All posts by Theresa Thornton

Prospective tenant awarded $10,000 for landlord’s discriminatory treatment

A young woman was denied an apartment because she was under the age of 18, something that is illegal under Ontario’s Human Rights Code. The Human Rights Tribunal of Ontario found Havcare Investments and Ms. Carolyn Goodman had violated the Code, fabricated evidence and attempted to get a witness to lie on the stand.

Recognizing the young woman’s particular vulnerability the Tribunal anonymized her name, noting that she “had been a Crown ward since she was 13 years old, was homeless, and was still in high school. Furthermore, she was dealing with significant personal issues, including a pregnancy.”

The Tribunal awarded the young woman $10,000 in damages for the discrimination and ordered the landlord to hire an expert to develop a human rights policy and train staff.

“This is a significant decision,” said Megan Evans Maxwell, AB’s lawyer who acted for the Centre for Equality Rights in Accommodation (CERA) and is now counsel at the Human Rights Legal Support Centre.  “This young woman had support and was determined to make a difference to other peoples’ lives so she stuck with it,” continued Evans Maxwell.

The Human Rights Tribunal of Ontario found that Ms. Goodman (also known as Ms. Linton and/or Krebs) had “attempted to influence a witness, Ms. St. John, to deny that the applicant had been denied the unit on the basis of her age.” The Tribunal also concluded that the landlord’s insistence the unit had been rented to another tenant was “fabricated evidence regarding the purported tenant.”

“Housing decisions from the Tribunal are rare,” said Theresa Thornton, Executive Director of CERA. “Most people walk away from the discrimination, desperate to secure a place to live,” continued Thornton.

CERA is the only organization in Canada dedicated to promoting human rights in housing and ending housing discrimination.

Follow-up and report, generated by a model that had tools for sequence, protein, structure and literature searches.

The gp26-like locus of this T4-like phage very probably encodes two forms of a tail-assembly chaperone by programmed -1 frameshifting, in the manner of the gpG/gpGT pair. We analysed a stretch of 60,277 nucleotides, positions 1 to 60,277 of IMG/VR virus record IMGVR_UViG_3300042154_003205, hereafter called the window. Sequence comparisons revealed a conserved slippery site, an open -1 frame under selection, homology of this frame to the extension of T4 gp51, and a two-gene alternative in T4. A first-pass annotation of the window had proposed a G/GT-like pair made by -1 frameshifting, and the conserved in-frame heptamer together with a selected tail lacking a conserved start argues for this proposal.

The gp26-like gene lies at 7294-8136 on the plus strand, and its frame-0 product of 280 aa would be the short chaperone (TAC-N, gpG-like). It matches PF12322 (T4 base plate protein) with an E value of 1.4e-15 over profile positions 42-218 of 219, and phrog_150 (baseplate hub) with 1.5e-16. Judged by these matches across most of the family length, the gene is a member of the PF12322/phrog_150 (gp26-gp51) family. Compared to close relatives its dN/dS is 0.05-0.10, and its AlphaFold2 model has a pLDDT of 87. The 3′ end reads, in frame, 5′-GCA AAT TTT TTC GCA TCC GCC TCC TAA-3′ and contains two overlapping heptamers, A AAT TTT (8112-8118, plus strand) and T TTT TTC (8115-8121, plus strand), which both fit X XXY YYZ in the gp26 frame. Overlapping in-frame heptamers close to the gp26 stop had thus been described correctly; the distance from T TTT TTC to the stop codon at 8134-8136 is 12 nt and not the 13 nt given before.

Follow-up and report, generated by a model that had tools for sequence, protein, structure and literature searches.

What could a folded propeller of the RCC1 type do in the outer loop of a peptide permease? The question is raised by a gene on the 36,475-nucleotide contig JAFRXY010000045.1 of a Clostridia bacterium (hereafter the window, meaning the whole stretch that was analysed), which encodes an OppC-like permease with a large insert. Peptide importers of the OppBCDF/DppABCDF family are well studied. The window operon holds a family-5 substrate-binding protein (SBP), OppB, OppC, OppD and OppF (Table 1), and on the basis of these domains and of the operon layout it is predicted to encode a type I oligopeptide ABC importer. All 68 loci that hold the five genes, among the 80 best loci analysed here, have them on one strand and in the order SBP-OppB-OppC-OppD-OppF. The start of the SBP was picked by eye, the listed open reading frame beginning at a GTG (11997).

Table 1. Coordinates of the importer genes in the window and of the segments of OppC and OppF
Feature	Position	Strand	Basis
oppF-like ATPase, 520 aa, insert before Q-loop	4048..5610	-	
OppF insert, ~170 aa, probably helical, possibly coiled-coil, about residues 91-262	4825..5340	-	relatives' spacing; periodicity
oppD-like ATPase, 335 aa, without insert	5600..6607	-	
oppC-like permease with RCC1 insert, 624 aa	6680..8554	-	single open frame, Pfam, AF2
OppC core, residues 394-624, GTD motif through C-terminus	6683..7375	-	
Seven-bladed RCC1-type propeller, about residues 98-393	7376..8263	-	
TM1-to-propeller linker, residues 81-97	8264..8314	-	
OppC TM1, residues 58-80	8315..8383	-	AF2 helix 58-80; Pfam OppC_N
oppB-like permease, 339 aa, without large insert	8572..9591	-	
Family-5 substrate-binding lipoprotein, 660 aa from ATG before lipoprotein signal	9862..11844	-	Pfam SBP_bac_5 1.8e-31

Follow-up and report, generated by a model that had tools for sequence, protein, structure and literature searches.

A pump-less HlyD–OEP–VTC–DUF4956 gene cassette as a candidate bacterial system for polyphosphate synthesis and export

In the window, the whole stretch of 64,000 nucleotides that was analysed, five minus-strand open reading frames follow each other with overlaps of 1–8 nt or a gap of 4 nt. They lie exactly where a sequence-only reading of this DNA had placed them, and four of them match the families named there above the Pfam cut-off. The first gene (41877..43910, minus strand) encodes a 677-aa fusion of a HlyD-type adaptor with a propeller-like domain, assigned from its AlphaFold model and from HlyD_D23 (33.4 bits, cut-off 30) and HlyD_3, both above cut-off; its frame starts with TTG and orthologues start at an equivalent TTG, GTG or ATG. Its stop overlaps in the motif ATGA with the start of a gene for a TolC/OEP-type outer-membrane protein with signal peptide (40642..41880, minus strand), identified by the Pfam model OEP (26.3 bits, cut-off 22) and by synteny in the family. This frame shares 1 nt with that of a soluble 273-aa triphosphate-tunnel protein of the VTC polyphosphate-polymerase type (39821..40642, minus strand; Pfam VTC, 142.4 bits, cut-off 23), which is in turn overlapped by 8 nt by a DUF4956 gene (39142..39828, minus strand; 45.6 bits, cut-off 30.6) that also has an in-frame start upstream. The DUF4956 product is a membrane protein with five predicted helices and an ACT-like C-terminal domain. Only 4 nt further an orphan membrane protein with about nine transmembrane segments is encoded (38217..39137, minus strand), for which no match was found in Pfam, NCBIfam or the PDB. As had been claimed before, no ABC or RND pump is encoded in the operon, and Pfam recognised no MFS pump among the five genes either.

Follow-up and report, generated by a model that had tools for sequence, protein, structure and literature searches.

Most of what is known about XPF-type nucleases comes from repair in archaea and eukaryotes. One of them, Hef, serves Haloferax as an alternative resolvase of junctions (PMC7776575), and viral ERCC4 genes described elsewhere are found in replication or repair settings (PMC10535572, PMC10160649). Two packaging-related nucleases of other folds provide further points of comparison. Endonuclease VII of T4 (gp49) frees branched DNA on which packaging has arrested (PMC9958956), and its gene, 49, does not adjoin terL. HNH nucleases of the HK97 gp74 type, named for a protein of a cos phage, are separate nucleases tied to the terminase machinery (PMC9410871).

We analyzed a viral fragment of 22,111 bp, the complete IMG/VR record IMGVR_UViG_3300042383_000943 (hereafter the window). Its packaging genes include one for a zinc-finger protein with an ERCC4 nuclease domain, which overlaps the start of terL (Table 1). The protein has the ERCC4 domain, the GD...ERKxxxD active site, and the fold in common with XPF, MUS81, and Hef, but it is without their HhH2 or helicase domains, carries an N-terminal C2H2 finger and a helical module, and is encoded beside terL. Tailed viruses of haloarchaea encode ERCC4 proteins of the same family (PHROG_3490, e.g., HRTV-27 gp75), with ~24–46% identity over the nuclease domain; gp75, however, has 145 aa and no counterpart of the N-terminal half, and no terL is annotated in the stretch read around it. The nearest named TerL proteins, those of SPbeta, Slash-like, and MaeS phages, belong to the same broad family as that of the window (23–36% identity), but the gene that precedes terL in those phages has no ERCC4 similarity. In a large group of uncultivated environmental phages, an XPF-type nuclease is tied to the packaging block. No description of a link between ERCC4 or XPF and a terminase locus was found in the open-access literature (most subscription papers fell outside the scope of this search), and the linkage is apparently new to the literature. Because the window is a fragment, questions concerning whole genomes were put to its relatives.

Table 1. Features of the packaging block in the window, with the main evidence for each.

The Human Rights Legal Support Centre offers free legal services to individuals throughout Ontario who have experienced discrimination contrary to Ontario’s Human Rights Code.

For more information or to arrange interviews:

Theresa Thornton, Executive Director, CERA 416-944-0087 ext.2

Jennifer Ramsay, Human Rights Legal Support Centre 416-597-4958 or 416-522-5931 (mobile)

 

Download this press release: here.

Tenants Facing Eviction for Children’s Noise have Rights under Ontario’s Human Rights Code

Imagine you are in the common hallway of your apartment building with your 2 year old daughter. She is laughing, talking and running towards the elevator. You notice there are people coming towards her and she may be in their way, so you take her hand and guide her away from the centre of the hall. She protests vehemently and starts to cry. You try to explain to her why you have stopped her from running, but she is only 2 years old and has no interest in this reasoning. She flops herself onto the floor and rolls around crying even louder.   You try to hush your daughter to no avail, while anxiously awaiting the opening of the elevator door so you can pick her up, get on and get out of the building. Those of us with children know this is not an unfamiliar scene. In fact, this may be one of several such scenes that you will deal with most days, when you have a 2 year old child.